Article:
The bill, Securing Required Funding for Water Infrastructure Now Act (S. 2364) was written in part to simplify and speed up the federal approval process. Boozman’s co-sponsors were Sens. Dianne Feinstein (D-Calif.), James Inhofe (R-Okla.), and Cory Booker (D-N.J.).
The bill was referred to the Senate Environment and Public Works Committee, chaired by Sen. John Barrasso (R-Wyo.), who has said infrastructure investments should be a priority.
Also awaiting Senate action is the Energy and Natural Resources Act of 2017 (S. 1460), a bipartisan compromise bill sponsored by Sens. Lisa Murkowski (R-Alaska) and Maria Cantwell (D-Wash.). It builds on a bill that passed the Senate 85-12 in 2016 but stalled in bicameral negotiations.
The bill includes provisions intended to pick up the pace of permitting for natural gas pipelines, gas exports, oil and gas drilling permits, and the addition of hydroelectric turbines to existing dams. It especially requires more coordination of action between agencies, and the setting of schedules, with a lead agency designated to ride herd over the process.
The ideas on agency coordination follow a pattern set by highway and water infrastructure bills in recent years.
“Any infrastructure plan should include streamlining,” Barrasso said recently. But that leaves the question of how much streamlining would be found acceptable to Democrats, who could block a bill with a filibuster.
Whether Congress will provide the appropriations needed is to be determined.
“Congress doesn’t have the will to find the money to do infrastructure,” said Scott Slesinger, legislative director at the Natural Resources Defense Council, an environmental advocacy group.
Trump hasn’t proposed a spending boost. In the State of the Union address, he called for an infrastructure bill that will “streamline the permitting and approval process, getting it down to no more than two years, perhaps even one.”
His references to infrastructure investments have left open the question of supporting greater appropriations or settling for steady spending levels with money redirected to infrastructure.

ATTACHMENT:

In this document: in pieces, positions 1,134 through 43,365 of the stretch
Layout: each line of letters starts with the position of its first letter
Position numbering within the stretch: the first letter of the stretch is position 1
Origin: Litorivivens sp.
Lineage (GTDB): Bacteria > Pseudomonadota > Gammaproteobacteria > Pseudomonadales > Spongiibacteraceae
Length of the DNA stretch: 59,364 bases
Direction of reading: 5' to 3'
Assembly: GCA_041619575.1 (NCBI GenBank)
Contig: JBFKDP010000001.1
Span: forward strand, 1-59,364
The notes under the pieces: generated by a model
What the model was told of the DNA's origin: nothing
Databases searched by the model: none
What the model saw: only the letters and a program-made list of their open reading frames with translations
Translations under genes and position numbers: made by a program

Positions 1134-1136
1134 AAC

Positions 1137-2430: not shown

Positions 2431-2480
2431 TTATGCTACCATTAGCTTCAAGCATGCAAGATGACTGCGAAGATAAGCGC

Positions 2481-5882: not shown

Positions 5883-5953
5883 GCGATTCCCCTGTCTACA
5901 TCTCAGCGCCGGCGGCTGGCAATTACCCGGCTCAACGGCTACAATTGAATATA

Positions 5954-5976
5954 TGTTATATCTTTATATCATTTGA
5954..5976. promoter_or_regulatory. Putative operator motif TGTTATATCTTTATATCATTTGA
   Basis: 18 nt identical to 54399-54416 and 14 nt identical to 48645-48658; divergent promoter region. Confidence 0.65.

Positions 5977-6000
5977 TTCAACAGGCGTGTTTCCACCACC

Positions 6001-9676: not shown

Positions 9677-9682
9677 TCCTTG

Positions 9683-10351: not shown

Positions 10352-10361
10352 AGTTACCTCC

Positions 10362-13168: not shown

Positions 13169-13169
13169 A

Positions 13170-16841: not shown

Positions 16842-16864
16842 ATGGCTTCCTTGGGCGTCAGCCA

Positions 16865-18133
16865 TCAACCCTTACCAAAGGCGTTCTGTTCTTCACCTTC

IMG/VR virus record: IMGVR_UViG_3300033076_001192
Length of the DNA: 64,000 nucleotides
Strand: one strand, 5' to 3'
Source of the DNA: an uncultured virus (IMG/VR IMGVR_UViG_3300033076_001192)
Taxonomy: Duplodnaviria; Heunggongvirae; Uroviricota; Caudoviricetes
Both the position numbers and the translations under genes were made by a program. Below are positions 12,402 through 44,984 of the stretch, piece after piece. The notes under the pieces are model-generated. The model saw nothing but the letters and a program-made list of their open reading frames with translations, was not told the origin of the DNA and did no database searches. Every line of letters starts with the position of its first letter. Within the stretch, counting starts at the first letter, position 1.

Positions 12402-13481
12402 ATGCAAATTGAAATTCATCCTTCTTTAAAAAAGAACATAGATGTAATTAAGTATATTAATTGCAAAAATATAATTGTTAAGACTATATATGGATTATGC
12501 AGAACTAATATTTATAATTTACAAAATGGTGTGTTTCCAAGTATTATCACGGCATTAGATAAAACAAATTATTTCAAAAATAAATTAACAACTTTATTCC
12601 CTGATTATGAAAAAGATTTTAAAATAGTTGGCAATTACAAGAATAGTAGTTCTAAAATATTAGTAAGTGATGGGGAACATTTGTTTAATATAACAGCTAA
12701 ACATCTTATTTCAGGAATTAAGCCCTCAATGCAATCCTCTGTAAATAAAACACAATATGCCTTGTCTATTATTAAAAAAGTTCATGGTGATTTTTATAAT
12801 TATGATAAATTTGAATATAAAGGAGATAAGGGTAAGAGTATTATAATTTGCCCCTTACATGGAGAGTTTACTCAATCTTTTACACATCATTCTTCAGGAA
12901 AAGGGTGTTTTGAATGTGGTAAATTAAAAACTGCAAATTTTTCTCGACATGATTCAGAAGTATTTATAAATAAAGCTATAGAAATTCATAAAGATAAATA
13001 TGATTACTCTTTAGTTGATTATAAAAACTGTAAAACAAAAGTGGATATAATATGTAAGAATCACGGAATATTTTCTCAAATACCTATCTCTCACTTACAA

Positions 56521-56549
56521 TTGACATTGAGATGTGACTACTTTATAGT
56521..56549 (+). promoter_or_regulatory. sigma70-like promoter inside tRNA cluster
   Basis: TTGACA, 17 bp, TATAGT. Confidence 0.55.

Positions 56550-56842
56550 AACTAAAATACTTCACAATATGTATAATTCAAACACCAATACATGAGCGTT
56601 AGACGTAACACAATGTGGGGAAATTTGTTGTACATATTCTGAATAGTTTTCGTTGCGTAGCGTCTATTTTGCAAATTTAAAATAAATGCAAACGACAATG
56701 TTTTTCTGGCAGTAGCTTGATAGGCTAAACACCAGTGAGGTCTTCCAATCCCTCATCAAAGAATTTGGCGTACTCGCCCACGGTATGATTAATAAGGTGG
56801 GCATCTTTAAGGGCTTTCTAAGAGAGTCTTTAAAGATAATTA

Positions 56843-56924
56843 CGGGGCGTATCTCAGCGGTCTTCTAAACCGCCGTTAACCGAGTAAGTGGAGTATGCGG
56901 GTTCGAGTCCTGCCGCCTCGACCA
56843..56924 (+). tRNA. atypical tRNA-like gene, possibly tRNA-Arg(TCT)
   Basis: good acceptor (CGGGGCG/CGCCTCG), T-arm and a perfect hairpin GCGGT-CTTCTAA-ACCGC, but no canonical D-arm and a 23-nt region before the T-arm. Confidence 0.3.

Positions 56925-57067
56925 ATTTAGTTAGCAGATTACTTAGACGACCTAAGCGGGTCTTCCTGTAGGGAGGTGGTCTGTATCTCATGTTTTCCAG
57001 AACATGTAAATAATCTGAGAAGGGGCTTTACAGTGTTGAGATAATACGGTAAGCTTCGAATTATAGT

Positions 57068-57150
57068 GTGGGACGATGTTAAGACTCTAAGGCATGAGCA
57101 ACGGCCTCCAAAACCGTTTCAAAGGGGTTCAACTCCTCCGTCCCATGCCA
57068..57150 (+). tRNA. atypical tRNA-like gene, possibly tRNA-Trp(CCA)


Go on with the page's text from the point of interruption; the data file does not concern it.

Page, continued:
Bill Snape, senior counsel at the Center for Biological Diversity, said it was possible that some sort of language concerning permitting could be added to a spending bill, but then he added that he did not see a spending bill passing this year with new significant infrastructure spending.
Snape said he doesn’t think Congress has any interest in changing the Clean Water Act or other fundamental environmental laws. He added, in reference to some categories of highway projects, “They already have abbreviated and truncated permitting.”
Large water projects take longer. They ought to take longer, in the view of environmental advocates, because they can have very elaborate implications for river systems, wildlife, and people living in the region.
The Army Corps of Engineers has a backlog of more than $90 billion in authorized projects, most with completed environmental impact statements—and it has annual funding of about $5 billion, said Slesinger. There again, the holdup is funding—not environmental reviews—in his view.
Airport projects also can have many ramifications. The delays are almost never over the National Environmental Policy Act, said Snape of the Center for Biological Diversity.
Airport projects are complicated by community-related issues such as property rights, noise abatement, and state and city zoning—in addition to environmental laws, Snape said. He questioned whether Congress would want to tangle with such things as property rights and zoning laws to speed permitting.
—With assistance from Amena Saiyid and Jennifer Lu.
(Corrects to clarify that Snape did not think there would be significant infrastructure spending being added to a spending bill this year.)